Leftover ammunition litters Iraq

Saturday, October 25, 2003

AL-MUKASIB, Iraq -- Jutting up from the middle of a vegetable field, the burned out missile is a conspicuous reminder to farmer Abbas Ali that the danger is not over six months after the end of the Iraq war.

The U.S.-led coalition's disposal of munitions -- which has progressed to a rate of about 100 tons a day -- is not fast enough for Ali, 25, who has seen neighbors lose an eye or a leg and even their lives to the deadly leftovers that remain in their homes, yards and fields.

"We've asked them to come clean it up but they do nothing," he said, crossing his arms in anger.

The problem, according to U.S. coalition officials, is that there's too much of it. The country is littered with excess ammunition -- up to 1 million tons of it.

"We're still finding ammunition in back yards every day," acknowledged Lt. Gen. Ricardo Sanchez, the U.S. commander of troops in Iraq. "It's a significant task, and we continue to work on it every day."

U.S.-led coalition troops have destroyed 500 tons of ammunition since April. Civilian contractors called in to help in the last month have destroyed more than 1,200 tons of it.

Still, even at the current rate, it would take more than a decade to destroy it all.

Between 650,000 to 1 million tons of ammunition remain unaccounted for, scattered all over the country, said Brig. Gen. Robert L. Davis, who is overseeing the cleanup campaign.

Iraq spent years building up its military arsenal, waging three major wars in two decades. Iraqi forces who fled from advancing coalition troops earlier this year left behind arms caches that were hidden away in schools and homes, abandoned in military bases or out in the open.

More than 100 major ammunition dumps, as well as numerous smaller sites, have been identified.

"When someone reports it to a local commander, it gets put on a priority list. Then we work our way down that list. They go out and triage it -- get the worse stuff first," military spokesman Lt. Col. George Krivo said.

For Iraqi citizens, that translates into an all too frustrating wait that can turn deadly.

The rural neighborhood on the western edge of Baghdad is a list of walking wounded, Ali said. Pointing across the highway, he said a neighbor lost an eye trying to clear his property of grenades. Another neighbor had his fingers blown off.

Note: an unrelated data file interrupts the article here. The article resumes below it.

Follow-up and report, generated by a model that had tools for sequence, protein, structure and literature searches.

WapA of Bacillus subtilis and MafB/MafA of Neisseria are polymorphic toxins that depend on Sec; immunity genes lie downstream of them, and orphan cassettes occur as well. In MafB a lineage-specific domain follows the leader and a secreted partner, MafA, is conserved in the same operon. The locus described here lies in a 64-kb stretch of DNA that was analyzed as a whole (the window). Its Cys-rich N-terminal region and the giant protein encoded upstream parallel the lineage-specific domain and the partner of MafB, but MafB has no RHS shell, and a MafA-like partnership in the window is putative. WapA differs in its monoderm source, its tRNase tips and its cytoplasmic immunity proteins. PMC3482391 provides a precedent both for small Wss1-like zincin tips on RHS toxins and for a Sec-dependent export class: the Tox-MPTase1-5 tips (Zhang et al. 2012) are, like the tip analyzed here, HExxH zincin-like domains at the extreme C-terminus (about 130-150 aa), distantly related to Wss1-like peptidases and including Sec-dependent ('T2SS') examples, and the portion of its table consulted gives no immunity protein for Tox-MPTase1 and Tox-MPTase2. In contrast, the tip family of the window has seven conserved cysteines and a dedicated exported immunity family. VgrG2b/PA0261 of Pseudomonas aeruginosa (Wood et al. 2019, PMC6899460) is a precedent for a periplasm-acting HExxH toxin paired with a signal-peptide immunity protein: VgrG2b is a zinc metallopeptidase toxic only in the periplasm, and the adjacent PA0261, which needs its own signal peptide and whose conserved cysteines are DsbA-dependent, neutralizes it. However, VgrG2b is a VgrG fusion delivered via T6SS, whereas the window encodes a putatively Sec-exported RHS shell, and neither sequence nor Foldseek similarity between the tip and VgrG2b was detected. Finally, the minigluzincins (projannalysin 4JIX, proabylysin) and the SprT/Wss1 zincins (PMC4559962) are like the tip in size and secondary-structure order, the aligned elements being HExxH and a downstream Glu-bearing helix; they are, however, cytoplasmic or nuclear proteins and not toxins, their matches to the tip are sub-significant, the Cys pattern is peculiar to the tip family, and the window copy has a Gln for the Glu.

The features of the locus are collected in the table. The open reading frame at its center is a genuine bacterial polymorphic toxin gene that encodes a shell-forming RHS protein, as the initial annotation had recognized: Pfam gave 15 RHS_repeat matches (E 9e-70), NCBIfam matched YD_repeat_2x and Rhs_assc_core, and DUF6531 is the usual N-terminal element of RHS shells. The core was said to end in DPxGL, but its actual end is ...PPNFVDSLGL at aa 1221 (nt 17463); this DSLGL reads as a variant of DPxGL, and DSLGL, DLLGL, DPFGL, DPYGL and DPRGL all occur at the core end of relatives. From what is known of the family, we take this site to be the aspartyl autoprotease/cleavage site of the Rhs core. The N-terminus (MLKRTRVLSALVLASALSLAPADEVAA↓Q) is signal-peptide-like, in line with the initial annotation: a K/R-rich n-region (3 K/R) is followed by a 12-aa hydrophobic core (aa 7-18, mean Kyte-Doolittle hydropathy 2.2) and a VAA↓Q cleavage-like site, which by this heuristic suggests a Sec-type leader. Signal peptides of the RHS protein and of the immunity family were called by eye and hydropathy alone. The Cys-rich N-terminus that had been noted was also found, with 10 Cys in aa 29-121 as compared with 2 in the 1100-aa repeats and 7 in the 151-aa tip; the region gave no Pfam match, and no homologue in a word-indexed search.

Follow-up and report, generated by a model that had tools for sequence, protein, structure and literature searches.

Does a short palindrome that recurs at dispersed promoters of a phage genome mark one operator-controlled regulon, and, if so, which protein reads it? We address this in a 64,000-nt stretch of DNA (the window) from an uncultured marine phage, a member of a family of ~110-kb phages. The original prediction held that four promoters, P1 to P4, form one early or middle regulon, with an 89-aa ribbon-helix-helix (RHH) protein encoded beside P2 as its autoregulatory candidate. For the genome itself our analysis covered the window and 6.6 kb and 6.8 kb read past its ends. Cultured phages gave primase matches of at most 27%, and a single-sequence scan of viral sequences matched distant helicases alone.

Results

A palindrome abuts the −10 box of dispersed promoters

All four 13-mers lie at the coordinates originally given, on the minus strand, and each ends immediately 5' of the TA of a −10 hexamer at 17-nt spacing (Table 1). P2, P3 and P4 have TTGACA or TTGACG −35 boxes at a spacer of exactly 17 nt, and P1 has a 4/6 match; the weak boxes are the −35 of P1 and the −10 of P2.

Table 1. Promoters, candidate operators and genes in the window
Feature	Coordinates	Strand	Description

Ali said he's been asking American officials to come clear his land for two months. Finally, two weeks ago, U.S. soldiers came to inspect the missile.

"They came two weeks ago and put a cord around it and a 'Danger' sign, but the kids stole the sign," he said. "They said they would come back but they haven't. We cannot wait."

Down a dusty road lives Adnan Ayad Naif, 35, known in the village for having suffered the worst loss. His wife, Nawar, was killed three months ago when she stepped on a bomb while working in the small field opposite their modest home.

"It was in the late afternoon. She didn't see it because it was under the dirt. I heard the explosion and came running. Her blood was all over my hands," Naif said, two of his three small children hovering nearby.

Afterward, American soldiers cleared part of his land, installing a fluorescent-orange skull and cross bones sign beside it. But the other half has not been touched.

"I asked them, just clean the place. I'm afraid of hearing another boom. It could be my children or my neighbor," Naif said.

The al-Mukasib area is a large swath of farmland that sits next to one of Saddam Hussein's former palaces. Heavily bombed during the war, the area still has unexploded ordnance.

In Fadhil Attiya's field, two rusting Iraqi tanks sit abandoned. Residents say there are three small bombs underneath. During the war, the Iraqi military moved their tanks and weapons into residential areas for safekeeping, hoping to avoid detection by coalition troops. When they abandoned it, they made sure it couldn't be used again.

Attiya's home is pockmarked with shrapnel from what he said were cluster bombs dropped during the war. He also found small grenades on the roof of his home and near the fence bordering his land. He and his brother threw what they found into the river.

"I asked the soldiers to help us but they don't. What else can we do? I know it might explode but I do it for my kids," he said.

As he talked, two neighborhood boys scampered on top of the tank. "Our kids, they know nothing," he said. "They pick it up like toys."

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